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thumbnail Fig. B.2

As Fig. B.1, but now marking the spatial distribution of the 623 604 extracted sources in this data release. The extracted source density is correlated with the background rms noise distribution as depicted in Fig. 8.

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All Tables

Table 1

TGSS ADR1 survey properties.

Table 2

Primary beam model coefficients for the GMRT at 150 MHz, as defined in Eq. (1).

Table 3

Random sample of 50 entries from the TGSS ADR1 source catalog.

Table 4

Properties of the source extraction based comparison between TGSS and MSSS HBA.

Table 5

Properties of the source extraction based comparison between ADR1 and DR5.

Table 6

Model coefficients for the radio source counts at 150 MHz, as defined in Eq. (4).

All Figures

thumbnail Fig. 1

Measured relative position offsets of sources that appear in multiple pointing images (in overlap regions) of 360 pointings in five Dec rows close to 20°). The dotted lines indicate the position of the median offset in RA and Dec, while the dotted circle indicates the extend of the standard deviation of the offset radii.

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In the text
thumbnail Fig. 2

Ratio of measured apparent flux density (gray dots) as a function of the ratio of the primary beam model attenuations, for a selection of bright, compact sources that are found in overlap areas between neighboring pointings in a Dec range close to the GMRT latitude, Top: when using the original GMRT primary beam model (see Fig. 3), there is a systematic deviation from the ideal line of unity (black dotted line), which is emphasized by plotting the median trend of binned apparent flux ratios (solid line; dashed lines represent the one sigma scatter). Bottom: when using the updated primary beam model, this systematic deviation is strongly suppressed.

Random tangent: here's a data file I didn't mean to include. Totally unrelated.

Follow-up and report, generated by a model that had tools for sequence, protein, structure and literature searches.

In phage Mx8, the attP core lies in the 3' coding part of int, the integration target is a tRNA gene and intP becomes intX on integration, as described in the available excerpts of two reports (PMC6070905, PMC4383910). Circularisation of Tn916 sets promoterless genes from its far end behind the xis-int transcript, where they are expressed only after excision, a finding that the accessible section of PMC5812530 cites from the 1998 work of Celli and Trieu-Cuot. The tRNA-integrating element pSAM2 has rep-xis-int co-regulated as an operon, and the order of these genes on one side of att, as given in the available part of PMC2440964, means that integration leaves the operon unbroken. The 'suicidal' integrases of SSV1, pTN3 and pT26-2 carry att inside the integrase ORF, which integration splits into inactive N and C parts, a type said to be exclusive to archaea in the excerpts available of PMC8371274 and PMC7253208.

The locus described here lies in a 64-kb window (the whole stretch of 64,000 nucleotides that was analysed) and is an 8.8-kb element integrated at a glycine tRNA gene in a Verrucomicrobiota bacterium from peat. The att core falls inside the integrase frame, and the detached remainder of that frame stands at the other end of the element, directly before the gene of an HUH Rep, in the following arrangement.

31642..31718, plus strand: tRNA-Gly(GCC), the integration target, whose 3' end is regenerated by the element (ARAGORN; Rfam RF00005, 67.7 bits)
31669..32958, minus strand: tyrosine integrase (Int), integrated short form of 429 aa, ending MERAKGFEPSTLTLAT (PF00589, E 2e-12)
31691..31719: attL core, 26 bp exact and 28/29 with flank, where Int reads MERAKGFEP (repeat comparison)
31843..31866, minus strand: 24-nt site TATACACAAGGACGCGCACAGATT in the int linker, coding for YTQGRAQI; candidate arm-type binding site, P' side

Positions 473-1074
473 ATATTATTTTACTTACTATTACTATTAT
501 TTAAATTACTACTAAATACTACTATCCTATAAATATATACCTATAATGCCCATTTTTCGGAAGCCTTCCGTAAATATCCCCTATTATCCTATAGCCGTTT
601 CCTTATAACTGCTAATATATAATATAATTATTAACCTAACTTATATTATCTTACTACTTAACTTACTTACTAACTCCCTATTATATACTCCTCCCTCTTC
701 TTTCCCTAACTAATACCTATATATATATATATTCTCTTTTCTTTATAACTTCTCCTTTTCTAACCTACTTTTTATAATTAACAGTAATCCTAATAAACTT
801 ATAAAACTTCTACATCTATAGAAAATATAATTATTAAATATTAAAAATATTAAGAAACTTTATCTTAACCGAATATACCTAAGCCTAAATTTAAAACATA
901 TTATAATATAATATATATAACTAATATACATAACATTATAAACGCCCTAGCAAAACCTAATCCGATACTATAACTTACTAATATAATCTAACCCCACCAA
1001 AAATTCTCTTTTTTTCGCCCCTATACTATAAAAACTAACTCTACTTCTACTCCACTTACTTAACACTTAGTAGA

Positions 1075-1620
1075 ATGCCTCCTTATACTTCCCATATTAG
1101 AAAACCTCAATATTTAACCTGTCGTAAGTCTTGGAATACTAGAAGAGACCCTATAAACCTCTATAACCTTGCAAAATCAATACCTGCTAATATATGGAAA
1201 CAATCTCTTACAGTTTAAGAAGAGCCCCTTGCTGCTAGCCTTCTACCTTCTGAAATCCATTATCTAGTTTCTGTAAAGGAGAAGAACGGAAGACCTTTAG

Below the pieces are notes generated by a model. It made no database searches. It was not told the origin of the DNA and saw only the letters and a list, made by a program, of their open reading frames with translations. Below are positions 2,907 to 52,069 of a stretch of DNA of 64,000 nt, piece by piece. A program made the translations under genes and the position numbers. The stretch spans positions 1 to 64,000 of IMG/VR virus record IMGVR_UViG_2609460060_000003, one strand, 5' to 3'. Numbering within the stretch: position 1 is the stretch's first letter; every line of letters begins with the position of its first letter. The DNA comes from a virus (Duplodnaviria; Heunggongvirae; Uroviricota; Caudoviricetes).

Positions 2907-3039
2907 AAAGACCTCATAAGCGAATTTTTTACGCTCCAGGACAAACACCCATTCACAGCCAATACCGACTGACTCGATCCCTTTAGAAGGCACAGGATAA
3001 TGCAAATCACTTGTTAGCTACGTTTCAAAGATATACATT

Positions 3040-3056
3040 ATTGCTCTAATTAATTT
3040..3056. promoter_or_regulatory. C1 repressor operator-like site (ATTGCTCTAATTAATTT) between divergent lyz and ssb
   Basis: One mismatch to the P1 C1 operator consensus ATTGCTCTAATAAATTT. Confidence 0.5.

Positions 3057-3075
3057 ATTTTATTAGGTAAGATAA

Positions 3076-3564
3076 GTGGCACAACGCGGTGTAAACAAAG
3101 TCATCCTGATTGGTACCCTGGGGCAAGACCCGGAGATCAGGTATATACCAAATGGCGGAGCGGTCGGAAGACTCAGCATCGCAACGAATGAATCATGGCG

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In the text
thumbnail Fig. 3

Radial primary beam models as a function of radius from the pointing center. The black dotted line indicates the original model as provided by the GMRT, while the red dotted line indicates the updated model used for this work. The black dots are ratios of the apparent over model flux density of all flux calibrators (except 3C 286) described by Scaife & Heald (2012), plotted as a function of radial distance from the center of the pointings in which they appear (typically multiple pointings per calibrator). The updated beam model fits these data points within a few percent, except for 3C 286 (blue dots). The latter flux densities needs to be scaled up by a factor of about 1.55 to make them line up with the beam model (red dots).

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In the text
thumbnail Fig. 4

Ratio of measured true flux densities (gray dots) as a function of local azimuth of the source position in the first pointing, for a selection of bright, compact sources that are found in overlap areas between neighboring pointings in a Dec range close to –45°. Top: with no pointing correction, there is a systematic deviation from unity (thin black line). The median trend of binned flux ratios (solid line; dashed lines represent the one sigma scatter) is sinusoidal with a peak at a local azimuth of 180°, which indicates an average negative pointing offset along the Dec axis (which is fit for). Bottom: when using the pointing offset model (see Fig. 5) on the same sources, this systematic deviation is strongly suppressed.

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In the text
thumbnail Fig. 5